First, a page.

Gavin: As a youth leader, what kind of work do you do to help get the word out, and how has it been for you taking on that kind of responsibility?
Gabe: I have been to lots of concerts. One Good Reason goes to Dew Tour, Warped Tour, Pride Festival, and we hosted our own art gallery in November. The youth leaders meet once a month to plan everything for the month, and each of us does our own research and tries to stay on top of the tobacco news. It’s also common to see kids wearing our gear and taking profile pictures on Facebook or going to concerts and wanting to take pictures with us. That’s really awesome! I also came up with a great idea to have people take photos at our booth holding a sign that had their one good reason to be tobacco free. We did it at the Big Ass Show this past year and people got to take pictures with our awesome life-size cut-outs of celebs. You can check out the pictures on our Facebook page!
Gavin: What's the process in getting bands and artists to become involved with the program and the Website, and how much of that decision making is divided between the adult and youth leaders?
Gabe: I’ve mostly taken charge of getting bands for the Website. Now I have the log-in to the Website so I can update the bands every month, but I think the greatest part of doing what I do is getting to know all the band members. They are all such awesome people, and it’s been so great to interview them because they all love their fans and they believe in One Good Reason’s cause.
Andrea: Seriously, Gabe does all the work.
Gavin: The Website for 1GR has been overhauled to include profiles of the artists and bands that take part in the campaign, which includes monthly interviews. Where did the idea come from to expand the Website in that fashion?
Gabe: We’ve always wanted to not only show that these bands and artists support our cause, but why they do. Everyone has a reason to be tobacco-free. We also want to let teens know that there are lots of people in the music scene who don’t smoke.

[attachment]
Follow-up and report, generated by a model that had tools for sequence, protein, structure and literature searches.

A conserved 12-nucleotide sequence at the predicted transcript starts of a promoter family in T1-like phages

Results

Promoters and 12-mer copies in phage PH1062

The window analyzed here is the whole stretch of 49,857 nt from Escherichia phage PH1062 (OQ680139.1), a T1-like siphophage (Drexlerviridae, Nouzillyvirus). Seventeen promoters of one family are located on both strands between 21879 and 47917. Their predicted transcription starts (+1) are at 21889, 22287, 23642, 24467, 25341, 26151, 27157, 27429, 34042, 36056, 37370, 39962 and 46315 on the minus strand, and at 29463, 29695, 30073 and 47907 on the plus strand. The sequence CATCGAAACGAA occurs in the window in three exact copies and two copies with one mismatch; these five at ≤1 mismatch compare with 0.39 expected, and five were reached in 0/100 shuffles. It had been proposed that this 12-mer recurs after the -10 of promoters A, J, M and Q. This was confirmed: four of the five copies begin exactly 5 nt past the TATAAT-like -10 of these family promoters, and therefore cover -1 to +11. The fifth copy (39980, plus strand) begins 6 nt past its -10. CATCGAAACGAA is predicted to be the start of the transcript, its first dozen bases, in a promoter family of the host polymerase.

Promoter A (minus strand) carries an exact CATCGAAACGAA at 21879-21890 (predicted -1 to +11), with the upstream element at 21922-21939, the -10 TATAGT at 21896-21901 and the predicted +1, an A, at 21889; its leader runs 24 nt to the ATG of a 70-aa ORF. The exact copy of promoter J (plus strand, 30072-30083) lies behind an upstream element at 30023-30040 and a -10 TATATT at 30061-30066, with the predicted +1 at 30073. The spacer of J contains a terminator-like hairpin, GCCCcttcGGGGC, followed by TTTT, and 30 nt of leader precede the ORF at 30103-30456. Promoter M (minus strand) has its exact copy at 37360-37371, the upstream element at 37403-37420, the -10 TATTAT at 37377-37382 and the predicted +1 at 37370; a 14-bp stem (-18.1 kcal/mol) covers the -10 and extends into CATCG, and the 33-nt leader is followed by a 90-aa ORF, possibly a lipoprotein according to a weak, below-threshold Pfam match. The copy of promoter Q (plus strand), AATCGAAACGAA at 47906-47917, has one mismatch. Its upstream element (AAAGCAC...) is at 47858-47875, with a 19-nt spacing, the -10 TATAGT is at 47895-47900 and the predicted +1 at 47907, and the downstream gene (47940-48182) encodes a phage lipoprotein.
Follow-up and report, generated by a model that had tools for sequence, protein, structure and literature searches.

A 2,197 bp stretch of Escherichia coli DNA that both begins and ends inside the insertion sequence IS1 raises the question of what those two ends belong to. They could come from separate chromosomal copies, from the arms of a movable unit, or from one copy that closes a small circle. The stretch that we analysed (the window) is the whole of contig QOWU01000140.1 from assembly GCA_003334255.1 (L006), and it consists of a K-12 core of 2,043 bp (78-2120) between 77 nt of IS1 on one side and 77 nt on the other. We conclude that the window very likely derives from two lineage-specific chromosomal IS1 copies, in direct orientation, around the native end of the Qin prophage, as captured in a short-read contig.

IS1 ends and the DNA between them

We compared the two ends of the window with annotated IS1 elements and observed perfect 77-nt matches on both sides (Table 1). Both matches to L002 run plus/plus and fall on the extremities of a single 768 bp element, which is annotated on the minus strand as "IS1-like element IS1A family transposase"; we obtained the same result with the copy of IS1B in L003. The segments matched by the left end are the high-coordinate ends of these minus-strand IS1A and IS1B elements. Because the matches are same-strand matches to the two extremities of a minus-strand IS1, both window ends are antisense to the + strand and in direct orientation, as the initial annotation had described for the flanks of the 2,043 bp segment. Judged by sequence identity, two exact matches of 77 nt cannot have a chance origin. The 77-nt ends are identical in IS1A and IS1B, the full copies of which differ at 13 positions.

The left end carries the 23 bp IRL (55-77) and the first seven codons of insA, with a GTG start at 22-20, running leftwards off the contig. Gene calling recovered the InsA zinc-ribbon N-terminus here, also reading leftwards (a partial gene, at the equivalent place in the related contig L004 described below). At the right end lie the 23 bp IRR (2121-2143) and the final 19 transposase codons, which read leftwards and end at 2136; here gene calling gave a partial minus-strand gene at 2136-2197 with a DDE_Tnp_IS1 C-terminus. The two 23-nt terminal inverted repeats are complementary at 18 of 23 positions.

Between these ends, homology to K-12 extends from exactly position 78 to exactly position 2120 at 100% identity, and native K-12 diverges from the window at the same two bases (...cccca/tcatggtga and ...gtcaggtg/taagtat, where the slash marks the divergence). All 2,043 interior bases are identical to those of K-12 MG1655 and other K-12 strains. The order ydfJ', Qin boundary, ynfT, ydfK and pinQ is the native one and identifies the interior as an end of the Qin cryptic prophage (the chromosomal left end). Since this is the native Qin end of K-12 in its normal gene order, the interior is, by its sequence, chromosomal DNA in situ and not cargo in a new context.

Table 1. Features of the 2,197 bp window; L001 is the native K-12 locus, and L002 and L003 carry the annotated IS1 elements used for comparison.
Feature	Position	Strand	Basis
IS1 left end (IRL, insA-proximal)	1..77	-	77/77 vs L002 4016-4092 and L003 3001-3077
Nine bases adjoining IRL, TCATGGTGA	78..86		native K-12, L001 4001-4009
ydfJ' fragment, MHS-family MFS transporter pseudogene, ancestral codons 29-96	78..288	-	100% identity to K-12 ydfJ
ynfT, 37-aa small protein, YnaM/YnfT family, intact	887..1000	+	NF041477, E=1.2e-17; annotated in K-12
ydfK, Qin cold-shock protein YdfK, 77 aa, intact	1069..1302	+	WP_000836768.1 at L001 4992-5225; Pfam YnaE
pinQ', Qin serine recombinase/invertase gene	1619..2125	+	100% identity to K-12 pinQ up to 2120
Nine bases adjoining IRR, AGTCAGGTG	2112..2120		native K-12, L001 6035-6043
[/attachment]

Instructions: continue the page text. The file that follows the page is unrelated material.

Andrea: We are trying to showcase that being tobacco-free is broader than a presentation you get in health class. We also have a members profile we call the back-room. Anyone -- made for teens -- can make their own profile, message other members and check out our list of activism actions. By doing simple tasks and recording their efforts, they can be rewarded with free gear. There are simple things on there, from draw our logo on your shoes to presenting at city councils meetings. We have a huge list to choose from, and you can come up with your own ideas, too!
Gavin: You've also opened up a merch store where people can buy posters and shirts from previously featured artists. How has that worked out for everyone involved and how have they sold since starting?
Andrea: Instead of giving away crappy oversized shirts for free, we make nice, sleek, awesome shirts, but ask for a small fee to cover the cost of the shirt. It’s all not–for-profit and we want you to look amazing. Think of it as, if you buy a shirt, it buys a shirt for someone else. Most of our fans are hurting in the funds department so we love doing drawings and contests to win them for free. All merch is run through our partner nonprofit Project: 1200. Look them up on Facebook, they do a lot of action with legislative activities. As far as sales go, we don’t care about the money -- we want to support our artists, we want you looking good and we want you to share our cause.
Gavin: I noticed that 1GR used to hold events but you currently don't have anything lined up. What type of events are you looking to hold during 2012?
Gabe: In 2012, we want to throw a concert featuring our past bands of the month and have it be a super-cheap show because we kids aren’t made out of money! Just for good measure, maybe bring in a headliner; basically, just go crazy with the whole thing!
Andrea: I can’t wait till we get that show planned! We just finished our art exhibit of over 100 handmade death masks, a dinner table with missing family members who died from tobacco, and art from our other friends and partners. But you should see us again very soon.
Gavin: What kind of impact do you believe you've had as an anti-tobacco campaign since starting, and what goals do you have as an organization that you'd like to see fulfilled?
Gabe: I think just starting out with four people and now having around 30 people on the leadership board is a huge deal to begin with. At the Big Ass Show, there was a woman who came to the booth and she was saying how she had done meth and smoked cigarettes, but quitting meth was easier than quitting smoking. She had tried to quit three times already and it seemed like she was starting to lose hope about ever quitting, but I was able to help her get resources to help her try quitting. Just having her leave feeling more hopeful and confident about quitting helped me see this impact that One Good Reason has on helping people quit.